"Dibosons" do not exist in a proper sense - the word is a shorthand for "boson pairs". Physicists are keen to use similar abbreviations, along with diphotons, dijets, dihiggs, dielectrons, dimuons, dildos - no, scratch the last one. Boson pairs are relevant because they can be a tell-tale signature of new particles we can produce in LHC collisions, so there is a distinct focus on events that contains a decay signal of two simultaneously produced W bosons, or two Z bosons, or one W and one Z, or two photons...
And I could go on. In fact we can exactly define the list of elementary bosons as such:
1 - the photon, the quantum of electromagnetic radiation. Known to be emitted and absorbed by anything that possesses electric charge, the photon is exactly massless, travels at its own speed (pun intended - I mean it travels at the speed of light, which is made of photons!), and is quite a striking signature in proton-proton collisions of high energy, especially if it itself is produced with very large energy.
2 - the W boson, the mediator of charged-current weak interactions. W bosons come in two varieties depending on the electric charge they possess: the W+ and the W-. The W boson mass has been measured with high precision by the Tevatron, LEP II, and LHC experiments: we know its mass to be 80379 MeV, give or take only 12 MeV! W bosons are essential in the new physics searches at the LHC, as they are always produced in the decay of top quarks, and also frequently the result of Higgs boson decays h-->WW.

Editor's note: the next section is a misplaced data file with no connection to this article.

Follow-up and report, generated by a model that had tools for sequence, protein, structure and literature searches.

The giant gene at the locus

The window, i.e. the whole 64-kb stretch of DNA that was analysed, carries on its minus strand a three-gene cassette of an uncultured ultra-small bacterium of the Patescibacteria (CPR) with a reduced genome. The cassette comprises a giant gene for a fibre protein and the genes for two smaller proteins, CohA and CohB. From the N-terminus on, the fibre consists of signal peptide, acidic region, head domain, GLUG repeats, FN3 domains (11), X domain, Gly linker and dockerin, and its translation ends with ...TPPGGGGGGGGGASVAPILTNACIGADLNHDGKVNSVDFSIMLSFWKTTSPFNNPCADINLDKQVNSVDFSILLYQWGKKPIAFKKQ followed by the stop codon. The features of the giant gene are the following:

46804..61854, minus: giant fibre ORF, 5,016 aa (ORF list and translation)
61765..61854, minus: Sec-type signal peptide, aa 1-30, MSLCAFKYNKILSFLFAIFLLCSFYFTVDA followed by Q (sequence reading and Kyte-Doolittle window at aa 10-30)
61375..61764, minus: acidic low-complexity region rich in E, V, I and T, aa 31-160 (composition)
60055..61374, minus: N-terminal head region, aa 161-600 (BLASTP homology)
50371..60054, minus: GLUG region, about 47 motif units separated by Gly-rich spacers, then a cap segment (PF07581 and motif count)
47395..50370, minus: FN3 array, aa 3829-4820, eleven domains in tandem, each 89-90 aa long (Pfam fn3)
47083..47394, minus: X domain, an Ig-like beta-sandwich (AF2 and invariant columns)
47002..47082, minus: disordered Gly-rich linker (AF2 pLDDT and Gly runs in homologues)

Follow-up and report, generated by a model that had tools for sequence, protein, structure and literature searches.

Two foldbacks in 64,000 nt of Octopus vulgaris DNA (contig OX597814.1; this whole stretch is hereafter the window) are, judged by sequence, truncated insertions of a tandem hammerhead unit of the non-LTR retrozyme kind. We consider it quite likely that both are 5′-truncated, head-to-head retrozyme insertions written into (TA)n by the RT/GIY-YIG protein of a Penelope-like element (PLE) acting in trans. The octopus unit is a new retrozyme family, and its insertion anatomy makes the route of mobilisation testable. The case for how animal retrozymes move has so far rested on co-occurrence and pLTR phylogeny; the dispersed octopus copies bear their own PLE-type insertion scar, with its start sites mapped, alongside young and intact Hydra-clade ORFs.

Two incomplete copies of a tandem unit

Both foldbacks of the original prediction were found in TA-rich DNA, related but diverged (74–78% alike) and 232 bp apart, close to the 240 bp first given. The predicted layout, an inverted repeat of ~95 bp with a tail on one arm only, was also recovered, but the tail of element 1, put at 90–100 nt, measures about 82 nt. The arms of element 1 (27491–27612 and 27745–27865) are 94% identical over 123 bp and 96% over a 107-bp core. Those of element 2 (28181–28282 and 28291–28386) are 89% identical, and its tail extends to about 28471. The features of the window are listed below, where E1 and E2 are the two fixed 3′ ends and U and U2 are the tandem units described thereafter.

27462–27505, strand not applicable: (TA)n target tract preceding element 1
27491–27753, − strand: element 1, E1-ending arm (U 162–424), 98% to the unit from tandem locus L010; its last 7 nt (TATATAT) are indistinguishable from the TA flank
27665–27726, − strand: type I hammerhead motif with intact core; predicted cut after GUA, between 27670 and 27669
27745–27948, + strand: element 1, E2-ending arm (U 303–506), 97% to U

3 - The Z boson, the mediator of neutral-current weak interactions, is the neutral brother of the W's. The Z weighs 91187.6 +- 2.1 MeV, a number extracted in the nineties at LEP in electron-positron lineshape measurements. The Z is also a frequent product of h-->ZZ decays, and can also be the messenger of new physics processes.
4 - The gluon, of course. The gluon, the carrier of strong interactions and the particle responsible for the binding of hadrons and nuclei, is massless as the photon, but unlike the electromagnetic counterpart it comes in 8 varieties, as it carries the charge of the field it mediates. Gluons cannot be found as individual particles, as they obey the "infrared slavery" of QCD. In other words, if you pulled one out of a proton (by kicking it off with another proton, e.g.), it would "dress up" by connecting to other quarks or gluons, such that the total colour charge of each of the produced particles would be zero. This is the phenomenon we call "jet", and in fact gluons are experimentally seen as hadronic jets of particles emitted at high energy in the same direction (within some angular spread).
5 - Aaand the Higgs boson, discovered in 2012 at the LHC, is the only elementary scalar boson we know - all others mentioned above are vector particles, meaning that they carry one unit of spin; the Higgs has no spin instead. The Higgs boson has a mass of 125 GeV, give or take some 0.3 GeV, and has a host of possible visible decay modes, including the mentioned WW, ZZ decays, as well as photon pairs, bottom-quark pairs, tau-lepton pairs, and even gluon pairs (a dreadfully hard one to distinguish - I fear it will never be done).